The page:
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SBHS Students Visit Spain

By Cassandra Vega (‘20)

Photo Courtesy of Wix

Over spring break, 23 students at SBHS had the opportunity to visit Spain and Portugal along with three of the school’s Spanish teachers. The trip was done through the travel group ACIS, the American Council for International Studies, and tour guide Sarah-Kate Redding. Throughout the seven-day trip, five in Spain and two in Portugal, the group created lifelong memories and learned irreplaceable lessons that can only be acquired through travelling.

Junior Nikhita Borkar said, “Getting to explore another culture with my friends and being able to practice the language was my favorite part. Seeing different kinds of architecture and comparing and contrasting aspects of both cultures was absolutely amazing.”

The group first landed in Spain’s capital, Madrid. The first day was spent in Plaza Mayor before traveling across the city to the Plaza de Oriente, designed in 1844. The next day was packed with visits to the Museo del Prado - housing works by artists such as Goya, Rembrandt and Velazquez- and the Museo de Reina Sofia, featuring Picasso’s Guernica and iconic pieces by Dali like Un Perro Andaluz. After admiring the Royal Palace belonging to the Spanish monarchy, the students were able to take photos at the “center” of Spain known as kilometer zero, the starting point of all streets in Spain. Afterwards they went out to Chocolateria San Gines, founded in 1894 and known for its churros and chocolate combination.

Spanish teacher Senora Karina Alonso said her favorite part was, “Getting to experience new places, new food and the culture through the eyes of the students.”

The trip was timed over Easter weekend, which is an event to behold in a country that is 69.8% Catholic. Apartments and restaurant corners were adorned with mosaics and paintings of Jesus Christ and biblical saints. In Madrid, Cordoba and Seville -the locations the students visited on Easter Sunday- the streets were filled with Easter processions from various different churches. The outfits worn by those in the parades symbolize being closer to God through the long hoods. The colors differ depending on the crest of the church they belong to. Unfortunately in America, this look has been corrupted by the radical hate group, the Ku Klux Klan.

In Andalusia, another Easter procession took place outside the Mosque-Cathedral of Córdoba. Students were able to see the event up close after visiting the beautiful Jardines del Alcázar Reyes Cristianos, which translates to Alcazar of the Christian Monarchs, that began back in the time of Julius Caesar. To reach both these sites, the group had to cross the Roman bridge of Córdoba, which was featured in HBO’s Game of Thrones and was known as the Long Bridge of Volantis.

The next day they explored the Seville Cathedral in more depth, led by a local tour guide and Mrs. Redding. The group also had flamenco lessons from professional flamenco dancers at the Museo del Baile Flamenco (the Museum of Flamenco Dancing). The students and teachers had the privilege of watching a show performed by three very talented dancers, two singers and a guitar player, which in total had six movements, each representing a different emotion.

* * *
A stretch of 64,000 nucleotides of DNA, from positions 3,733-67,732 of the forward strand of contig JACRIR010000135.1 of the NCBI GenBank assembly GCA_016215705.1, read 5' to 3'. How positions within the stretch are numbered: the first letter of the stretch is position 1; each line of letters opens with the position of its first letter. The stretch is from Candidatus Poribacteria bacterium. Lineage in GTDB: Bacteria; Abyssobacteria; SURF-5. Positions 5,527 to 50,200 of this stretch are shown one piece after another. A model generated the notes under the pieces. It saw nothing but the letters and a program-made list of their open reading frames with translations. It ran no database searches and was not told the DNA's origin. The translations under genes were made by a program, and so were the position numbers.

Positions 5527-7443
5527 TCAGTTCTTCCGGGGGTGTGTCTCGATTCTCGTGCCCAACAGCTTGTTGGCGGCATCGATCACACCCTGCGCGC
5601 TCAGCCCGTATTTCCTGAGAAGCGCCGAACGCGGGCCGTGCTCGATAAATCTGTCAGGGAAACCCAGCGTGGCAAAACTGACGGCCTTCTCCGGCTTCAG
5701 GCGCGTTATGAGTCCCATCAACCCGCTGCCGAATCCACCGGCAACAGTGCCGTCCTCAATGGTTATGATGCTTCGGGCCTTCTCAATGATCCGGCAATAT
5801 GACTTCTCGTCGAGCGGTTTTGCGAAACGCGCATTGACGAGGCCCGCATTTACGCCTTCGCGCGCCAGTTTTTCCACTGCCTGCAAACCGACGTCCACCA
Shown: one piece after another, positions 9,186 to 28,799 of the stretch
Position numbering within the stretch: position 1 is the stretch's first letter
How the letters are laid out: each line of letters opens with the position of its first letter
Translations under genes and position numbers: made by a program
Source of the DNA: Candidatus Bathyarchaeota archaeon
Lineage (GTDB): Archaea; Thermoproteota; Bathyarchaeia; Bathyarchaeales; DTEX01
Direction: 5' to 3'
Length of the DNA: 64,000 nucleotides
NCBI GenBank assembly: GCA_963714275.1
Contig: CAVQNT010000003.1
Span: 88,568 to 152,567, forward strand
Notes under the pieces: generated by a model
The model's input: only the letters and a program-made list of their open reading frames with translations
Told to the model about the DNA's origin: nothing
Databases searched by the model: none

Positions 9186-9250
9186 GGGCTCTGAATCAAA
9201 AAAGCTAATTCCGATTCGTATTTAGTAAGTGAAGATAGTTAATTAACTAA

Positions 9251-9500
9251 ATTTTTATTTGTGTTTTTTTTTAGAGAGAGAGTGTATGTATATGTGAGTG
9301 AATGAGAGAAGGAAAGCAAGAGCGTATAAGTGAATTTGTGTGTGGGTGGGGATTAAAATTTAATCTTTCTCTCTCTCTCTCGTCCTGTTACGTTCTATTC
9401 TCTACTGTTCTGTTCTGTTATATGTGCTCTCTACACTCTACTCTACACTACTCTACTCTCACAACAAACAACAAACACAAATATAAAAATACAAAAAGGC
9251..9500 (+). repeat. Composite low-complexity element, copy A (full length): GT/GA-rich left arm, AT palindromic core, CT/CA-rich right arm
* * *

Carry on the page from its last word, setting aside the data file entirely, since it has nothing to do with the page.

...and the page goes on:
“On this particular trip my favorite part was going to the flamenco show. Seeing the kids participating and learning, even the boys, who participated actively in learning the show… watching the dance with such passion was amazing,” said Senora Maritza Arango.

The grand finale of the night was a party boat on the Guadalquivir River where students were accompanied by other tour groups from America.

Heading to Merida in the morning, Mrs. Redding reminded the group of the assignment they had received their first day in Spain. The students were not tourists on this trip according to Mrs. Redding, instead taking on the title of ‘traveling anthropologists’ and were tasked with finding differences between America and Spain and finding the reasons behind it. The students gave speeches on the bus to their peers, each one noting a new distinction from country to country.

Merida was once a Roman town during their 700-year occupation of Spain. The remaining ruins been unintendedly preserved because it was used as a local dump after the Romans left. The excavation of the aging architecture began back in 1910 and finished in 2003.

This was Senora Ohlaysha Hicks’ favorite aspect of the trip.

“I had never been in a Roman ruin before and the thought that an actual gladiator was fighting in the places where we were, and the performers… It’s even more cool how they were preserved by garbage. The historical aspect of it all was mesmerizing,” she said.

The last two days were spent in Portugal, exploring the Sintra National Palace and the tile covered streets of the capital, Lisbon. The view from the Castle of São Jorge was one of the best moments of the trip, highlighting the fact that travel changes one’s worldview and that some things have to be experienced to be appreciated.

Next year’s Spain trip will include stops in Madrid, Barcelona and the paella-centric city of Valencia! Students and teachers alike that went on the trip can vouch for how great the experience is. From the biggest of castles to the smallest of streets, participants say the Spain trip at South Brunswick High School is not an opportunity to miss out on.

Senior Julea Frankel said, “To the students who are interested in going, 100% do it. It’s a once in a lifetime kind of trip to experience Europe with only your friends and make these memories, especially before you graduate.”

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